Before Thomas Edison invented the lightbulb, candles were used to light up trees during the holiday season. Can you imagine having candles burning on a tree inside your house? As I’m betting you can imagine, this led to many house fires. Thanks to Edison and his friend Edward Johnson, the first-ever string of electric lights was put together in 1882.
Holiday lights aren’t just used for trees anymore; they’re used in many different ways. From decorating stairs to lighting up the outside of your house, string lights have become a necessity when the holiday season rolls around. If you’re anything like me, you’re busting out the lights and decorations on November 1 every year.
Here are some safety tips, tools and trends for lights during the 2016 holiday season.
Safety Tips from Mr. Electric
- Read labels. When hanging lights outside, read the back of the packaging to make sure they’re safe for the outdoors.
- Don’t use metal. When hanging lights outside, using a plastic or wooden ladder helps prevent electrical shocks.
- Don’t overload extension cords. Having more than three strings of lights on one extension cord can cause overheating and could potentially start a fire.
- Don’t leave lights on. Always remember to turn your holiday lights off whenever you’re leaving the house or going to bed. If you’re forgetful like me, opt for an electric timer and program it to turn your lights on and off at specific times.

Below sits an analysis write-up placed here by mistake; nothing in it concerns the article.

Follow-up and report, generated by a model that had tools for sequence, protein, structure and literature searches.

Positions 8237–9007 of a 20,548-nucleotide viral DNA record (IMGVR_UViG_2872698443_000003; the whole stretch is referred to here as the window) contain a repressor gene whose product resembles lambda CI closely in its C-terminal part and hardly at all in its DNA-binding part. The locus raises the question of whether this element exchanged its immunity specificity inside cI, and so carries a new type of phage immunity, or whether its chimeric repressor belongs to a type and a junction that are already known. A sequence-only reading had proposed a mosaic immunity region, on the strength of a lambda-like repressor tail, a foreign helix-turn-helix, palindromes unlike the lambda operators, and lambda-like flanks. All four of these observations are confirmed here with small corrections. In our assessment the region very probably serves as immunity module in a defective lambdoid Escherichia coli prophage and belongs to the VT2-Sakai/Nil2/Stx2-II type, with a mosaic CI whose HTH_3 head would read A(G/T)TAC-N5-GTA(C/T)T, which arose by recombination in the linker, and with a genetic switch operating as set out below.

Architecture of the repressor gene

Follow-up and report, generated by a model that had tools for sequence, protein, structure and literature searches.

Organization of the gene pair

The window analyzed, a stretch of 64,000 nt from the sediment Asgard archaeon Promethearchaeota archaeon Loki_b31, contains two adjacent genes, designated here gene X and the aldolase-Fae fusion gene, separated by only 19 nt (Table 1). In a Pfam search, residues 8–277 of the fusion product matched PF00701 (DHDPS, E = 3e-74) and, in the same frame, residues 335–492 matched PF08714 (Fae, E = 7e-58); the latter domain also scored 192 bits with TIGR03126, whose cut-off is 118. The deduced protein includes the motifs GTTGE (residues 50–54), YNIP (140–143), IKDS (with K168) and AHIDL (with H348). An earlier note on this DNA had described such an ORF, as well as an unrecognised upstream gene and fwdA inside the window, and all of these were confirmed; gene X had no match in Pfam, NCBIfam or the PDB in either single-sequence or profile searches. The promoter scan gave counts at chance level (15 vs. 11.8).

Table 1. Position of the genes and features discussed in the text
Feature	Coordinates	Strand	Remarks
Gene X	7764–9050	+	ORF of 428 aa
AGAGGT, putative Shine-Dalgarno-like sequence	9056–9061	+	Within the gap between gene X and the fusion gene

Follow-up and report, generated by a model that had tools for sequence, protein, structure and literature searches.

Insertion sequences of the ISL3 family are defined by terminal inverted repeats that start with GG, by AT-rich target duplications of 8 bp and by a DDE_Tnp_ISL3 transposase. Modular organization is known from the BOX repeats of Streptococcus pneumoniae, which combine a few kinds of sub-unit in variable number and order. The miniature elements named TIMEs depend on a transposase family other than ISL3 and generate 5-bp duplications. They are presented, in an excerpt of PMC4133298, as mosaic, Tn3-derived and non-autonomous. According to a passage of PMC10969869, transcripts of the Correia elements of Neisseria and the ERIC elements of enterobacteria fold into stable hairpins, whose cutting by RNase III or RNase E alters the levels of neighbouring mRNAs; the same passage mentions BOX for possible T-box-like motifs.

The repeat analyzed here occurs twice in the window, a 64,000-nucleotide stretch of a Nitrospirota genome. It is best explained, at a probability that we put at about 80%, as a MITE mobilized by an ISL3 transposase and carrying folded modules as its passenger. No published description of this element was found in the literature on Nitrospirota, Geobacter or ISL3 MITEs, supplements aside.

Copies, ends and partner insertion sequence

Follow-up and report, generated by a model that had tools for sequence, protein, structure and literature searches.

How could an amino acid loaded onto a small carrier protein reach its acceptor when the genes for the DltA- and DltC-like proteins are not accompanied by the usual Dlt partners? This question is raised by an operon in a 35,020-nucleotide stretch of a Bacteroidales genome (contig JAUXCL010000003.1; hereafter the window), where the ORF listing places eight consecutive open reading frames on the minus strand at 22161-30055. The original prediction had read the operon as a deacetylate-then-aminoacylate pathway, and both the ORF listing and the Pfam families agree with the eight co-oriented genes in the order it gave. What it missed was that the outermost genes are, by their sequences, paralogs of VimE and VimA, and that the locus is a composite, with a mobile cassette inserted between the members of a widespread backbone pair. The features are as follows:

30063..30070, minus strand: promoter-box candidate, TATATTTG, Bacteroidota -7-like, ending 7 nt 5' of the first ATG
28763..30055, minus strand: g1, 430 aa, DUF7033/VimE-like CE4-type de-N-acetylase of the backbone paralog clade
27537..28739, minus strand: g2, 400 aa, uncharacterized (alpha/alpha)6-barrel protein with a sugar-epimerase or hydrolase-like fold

- Examine all wires. Whether they’re new or old, always examine your wires before plugging them in since frayed wires are a fire and shock hazard.
- Buy new lights regularly. Older lights are a fire hazard. Buying new lights every year may be expensive, so wait until the end of the season when lights are on sale and save them for the following holiday season.
Holiday Light Tools
- Command Brand hooks and clips are something to consider if you don’t use them already. They’re a great way to hang up lights indoors and outdoors, with no damage to your house. Command Outdoor Light Clips stick to siding, windows or gutters, and they are specifically designed for outdoor use, so you don’t have to worry about your decorations falling down.
- Twist and Seal products are a great solution for protecting plugs outside from shocks and shortages. They’re weather resistant and come in green so that they can be easily hidden by trees and bushes. Twist and Seal also has a new cord protector made for protecting extension cords.
- There’s nothing worse than untangling your lights, only to find out that a bulb is dead. The LightKeeper Pro is a great tool for this situation. This device sends a pulse through the entire string of lights, finds the dead bulb and fixes the shunt.
- According to the DIY Network, LED lights are better than incandescent. They might cost more than incandescent lights, but they last longer. They can also save you around 80% on energy costs.
- The debate over colorful lights versus white lights is still ongoing. Personally, I love when I drive past houses with strings of colorful bulbs wrapped around the façade and in the bushes because it reminds me of a gingerbread house. Both types of lights have their proponents, so use whichever suits your fancy.
- I’m sure you’ve seen the videos of houses with Christmas lights that turn on and off to the beat of songs. This has become increasingly popular over the years. With the help of GE holiday lighting products, you, too, can have a spectacular show on your front lawn! GE Color Effects products come with a remote control, allowing you to choose from six colors and 40 functions.
Comment below with any tips, tricks or trends for holiday lights!
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